This particular neo thought the whole notion of "catching up by two" was a load of crap and as those of us with kids over the age two know, it is crap. He was an older guy who you would have expected to tow the traditional NICU party-line so to speak, but he was pretty progressive in his thinking.
Not to long ago I was talking with this neo (I live 100 yards from the NICU so often run into these folks in the neighborhood) about E's feeding and sensory problems and he asked me if my family/friends/acquaintances say or imply that E has these problems because of something I have done or failed to do. I realized that people do assume there is something I could do differently or should have done differently to prevent the feeding and sensory problems and thought about the comments I have heard: I gave her solids too early; I gave her solids too late; I had the wrong spoon; I wasn't persistent enough; I should have made my own baby food and on and on. So I told this to the neo and he looked at me and smiled said something to the effect of "if E had lost her sight to ROP would anyone have been saying there was something you could have done to prevent it or restore her sight? No one would suggest you could prevent or fix something like that but people do choose to believe that you can prevent or fix feeding and sensory disorders with some magic parental bullet."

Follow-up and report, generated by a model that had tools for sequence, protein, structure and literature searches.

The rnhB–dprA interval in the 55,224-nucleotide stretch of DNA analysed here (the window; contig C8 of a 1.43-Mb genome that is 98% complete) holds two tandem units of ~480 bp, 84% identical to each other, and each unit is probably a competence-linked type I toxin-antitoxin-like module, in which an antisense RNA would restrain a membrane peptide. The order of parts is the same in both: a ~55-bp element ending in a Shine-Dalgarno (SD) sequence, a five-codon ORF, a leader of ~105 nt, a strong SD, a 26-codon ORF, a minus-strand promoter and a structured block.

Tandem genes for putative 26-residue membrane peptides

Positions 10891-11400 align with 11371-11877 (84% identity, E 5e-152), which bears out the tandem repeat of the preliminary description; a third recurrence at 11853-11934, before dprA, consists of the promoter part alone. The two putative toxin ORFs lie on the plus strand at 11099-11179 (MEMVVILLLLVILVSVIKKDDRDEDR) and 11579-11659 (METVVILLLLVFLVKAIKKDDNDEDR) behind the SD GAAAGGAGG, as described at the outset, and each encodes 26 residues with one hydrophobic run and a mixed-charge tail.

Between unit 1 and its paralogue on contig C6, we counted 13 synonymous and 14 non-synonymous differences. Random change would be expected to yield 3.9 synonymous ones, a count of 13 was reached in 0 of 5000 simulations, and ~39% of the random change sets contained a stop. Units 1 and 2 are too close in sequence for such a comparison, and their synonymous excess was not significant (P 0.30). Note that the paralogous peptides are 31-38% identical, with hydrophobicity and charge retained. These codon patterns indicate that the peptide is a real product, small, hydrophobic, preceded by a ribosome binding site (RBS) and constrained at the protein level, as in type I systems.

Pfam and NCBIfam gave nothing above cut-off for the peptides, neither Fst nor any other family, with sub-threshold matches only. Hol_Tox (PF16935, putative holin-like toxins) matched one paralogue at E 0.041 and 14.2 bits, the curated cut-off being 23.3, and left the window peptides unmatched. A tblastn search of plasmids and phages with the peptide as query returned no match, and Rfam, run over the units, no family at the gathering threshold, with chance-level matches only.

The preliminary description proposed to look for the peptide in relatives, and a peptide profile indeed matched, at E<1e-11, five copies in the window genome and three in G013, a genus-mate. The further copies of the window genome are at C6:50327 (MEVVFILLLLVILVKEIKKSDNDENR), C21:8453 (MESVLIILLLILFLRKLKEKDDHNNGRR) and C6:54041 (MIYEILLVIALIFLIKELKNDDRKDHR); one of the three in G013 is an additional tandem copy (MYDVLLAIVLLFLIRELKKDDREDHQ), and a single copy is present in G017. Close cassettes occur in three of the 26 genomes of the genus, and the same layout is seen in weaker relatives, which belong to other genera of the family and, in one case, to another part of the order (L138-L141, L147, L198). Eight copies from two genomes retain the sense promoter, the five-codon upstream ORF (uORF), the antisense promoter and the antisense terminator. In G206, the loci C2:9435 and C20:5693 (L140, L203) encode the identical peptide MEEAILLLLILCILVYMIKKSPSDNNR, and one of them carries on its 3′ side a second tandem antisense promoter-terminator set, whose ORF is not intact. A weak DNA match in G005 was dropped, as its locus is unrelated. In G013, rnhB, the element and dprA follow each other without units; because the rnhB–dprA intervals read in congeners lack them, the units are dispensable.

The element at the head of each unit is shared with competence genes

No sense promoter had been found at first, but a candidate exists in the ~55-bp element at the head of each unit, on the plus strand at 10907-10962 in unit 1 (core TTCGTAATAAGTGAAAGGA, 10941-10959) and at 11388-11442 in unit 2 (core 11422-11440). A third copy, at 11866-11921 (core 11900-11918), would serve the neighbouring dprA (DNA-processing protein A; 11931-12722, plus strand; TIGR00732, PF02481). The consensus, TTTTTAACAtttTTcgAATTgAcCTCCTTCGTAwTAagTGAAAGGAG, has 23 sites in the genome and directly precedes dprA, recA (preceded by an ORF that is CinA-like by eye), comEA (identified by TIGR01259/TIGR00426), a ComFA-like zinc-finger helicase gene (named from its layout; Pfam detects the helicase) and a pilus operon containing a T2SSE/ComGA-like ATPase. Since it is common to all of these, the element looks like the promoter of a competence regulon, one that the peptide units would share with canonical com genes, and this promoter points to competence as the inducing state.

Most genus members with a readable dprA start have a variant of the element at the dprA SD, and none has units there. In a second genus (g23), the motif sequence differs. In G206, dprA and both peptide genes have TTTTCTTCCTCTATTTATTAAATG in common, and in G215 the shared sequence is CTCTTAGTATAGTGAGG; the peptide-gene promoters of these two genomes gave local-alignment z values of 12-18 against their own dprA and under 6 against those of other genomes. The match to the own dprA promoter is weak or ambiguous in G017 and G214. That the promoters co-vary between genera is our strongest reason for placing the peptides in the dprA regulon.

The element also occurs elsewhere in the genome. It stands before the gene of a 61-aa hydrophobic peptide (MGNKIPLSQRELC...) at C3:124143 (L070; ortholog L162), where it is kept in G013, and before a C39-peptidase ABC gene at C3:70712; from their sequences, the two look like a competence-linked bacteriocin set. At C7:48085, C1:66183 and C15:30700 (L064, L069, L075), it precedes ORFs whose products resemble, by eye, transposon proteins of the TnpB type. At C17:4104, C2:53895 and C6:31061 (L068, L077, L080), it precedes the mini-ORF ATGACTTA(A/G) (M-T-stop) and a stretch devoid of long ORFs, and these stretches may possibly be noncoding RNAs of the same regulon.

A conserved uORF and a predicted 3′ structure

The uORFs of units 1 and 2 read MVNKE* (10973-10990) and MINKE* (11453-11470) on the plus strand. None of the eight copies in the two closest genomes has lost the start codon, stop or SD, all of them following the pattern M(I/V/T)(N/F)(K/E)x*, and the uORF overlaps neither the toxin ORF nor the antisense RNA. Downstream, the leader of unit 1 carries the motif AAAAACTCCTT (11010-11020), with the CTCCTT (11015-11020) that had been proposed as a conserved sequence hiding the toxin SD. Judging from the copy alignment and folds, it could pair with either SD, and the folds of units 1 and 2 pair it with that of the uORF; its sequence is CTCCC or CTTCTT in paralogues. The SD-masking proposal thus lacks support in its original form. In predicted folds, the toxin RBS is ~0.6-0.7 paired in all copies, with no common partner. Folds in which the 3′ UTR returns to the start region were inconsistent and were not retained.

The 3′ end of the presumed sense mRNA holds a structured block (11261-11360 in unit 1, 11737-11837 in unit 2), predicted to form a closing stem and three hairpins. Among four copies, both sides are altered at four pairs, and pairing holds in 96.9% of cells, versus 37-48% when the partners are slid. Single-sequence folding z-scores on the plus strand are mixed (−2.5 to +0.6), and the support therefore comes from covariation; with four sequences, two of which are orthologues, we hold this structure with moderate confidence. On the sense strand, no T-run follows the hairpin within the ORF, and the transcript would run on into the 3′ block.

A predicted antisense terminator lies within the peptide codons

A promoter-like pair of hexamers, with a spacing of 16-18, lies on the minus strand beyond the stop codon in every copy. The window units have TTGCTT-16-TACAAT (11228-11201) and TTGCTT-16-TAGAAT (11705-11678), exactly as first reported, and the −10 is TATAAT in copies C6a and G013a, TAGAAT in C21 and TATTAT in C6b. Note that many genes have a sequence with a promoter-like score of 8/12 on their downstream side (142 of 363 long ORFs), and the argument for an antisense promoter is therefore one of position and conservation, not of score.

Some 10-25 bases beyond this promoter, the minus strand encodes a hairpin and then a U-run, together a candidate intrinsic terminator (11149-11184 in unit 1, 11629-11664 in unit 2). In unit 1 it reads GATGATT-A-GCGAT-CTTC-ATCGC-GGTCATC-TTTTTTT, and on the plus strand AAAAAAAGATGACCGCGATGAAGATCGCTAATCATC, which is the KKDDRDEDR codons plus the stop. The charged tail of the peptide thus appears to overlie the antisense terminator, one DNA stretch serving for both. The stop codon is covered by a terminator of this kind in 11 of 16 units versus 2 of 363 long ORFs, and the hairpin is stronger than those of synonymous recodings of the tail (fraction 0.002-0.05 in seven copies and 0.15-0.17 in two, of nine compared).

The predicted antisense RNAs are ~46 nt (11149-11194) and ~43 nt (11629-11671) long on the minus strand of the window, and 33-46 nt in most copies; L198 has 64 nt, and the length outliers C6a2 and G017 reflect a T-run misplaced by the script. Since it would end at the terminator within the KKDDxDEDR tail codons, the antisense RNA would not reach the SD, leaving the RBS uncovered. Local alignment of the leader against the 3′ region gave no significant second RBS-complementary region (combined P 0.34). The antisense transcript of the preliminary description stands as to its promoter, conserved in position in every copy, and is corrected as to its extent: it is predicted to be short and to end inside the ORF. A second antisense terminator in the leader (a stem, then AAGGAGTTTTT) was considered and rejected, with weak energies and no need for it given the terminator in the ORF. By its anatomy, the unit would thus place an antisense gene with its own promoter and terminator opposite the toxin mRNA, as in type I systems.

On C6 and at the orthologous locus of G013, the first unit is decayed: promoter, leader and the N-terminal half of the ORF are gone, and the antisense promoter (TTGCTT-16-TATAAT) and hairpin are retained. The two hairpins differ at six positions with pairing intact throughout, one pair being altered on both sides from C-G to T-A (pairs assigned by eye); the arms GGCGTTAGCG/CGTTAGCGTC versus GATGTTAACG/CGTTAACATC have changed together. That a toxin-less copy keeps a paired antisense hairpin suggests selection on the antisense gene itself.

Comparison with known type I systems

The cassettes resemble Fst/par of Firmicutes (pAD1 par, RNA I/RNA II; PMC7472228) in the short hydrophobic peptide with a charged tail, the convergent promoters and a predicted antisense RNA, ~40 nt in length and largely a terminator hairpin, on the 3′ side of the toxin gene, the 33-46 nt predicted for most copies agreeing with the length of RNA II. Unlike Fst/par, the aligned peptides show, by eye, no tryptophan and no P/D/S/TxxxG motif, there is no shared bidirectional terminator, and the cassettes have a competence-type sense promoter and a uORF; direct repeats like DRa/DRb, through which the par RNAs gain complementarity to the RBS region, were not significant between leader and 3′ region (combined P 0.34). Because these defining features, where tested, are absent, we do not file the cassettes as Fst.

We talked for a good while about how the medical community and society forget that there are unseen effects from the NICU which are just as life altering as the more obvious problems yet research to prevent these problems is underfunded or non-existent since society really could give a rat's ass about the problems these kids have. So maybe this neo and I are crazy. Maybe I just have a soft spot for him because after 3 months of pumping every 3 hours with meager results he told me it was OK to put the pump away and have a nice glass of wine and that I was still a good mother even if I couldn't produce any milk."
Thank you Stacey and Anne. You make me happy to have you as friends!
Let's get on the band-wagon to start a new label: "Extreme Preemie Syndrome" EPS!
And you blog readers, please help! Help educate your own NICU docs. Your own school districts. Let's get studies funded. Our micros aren't an experiment. Our kids our suffering and we as parents are tired of fighting to get them help.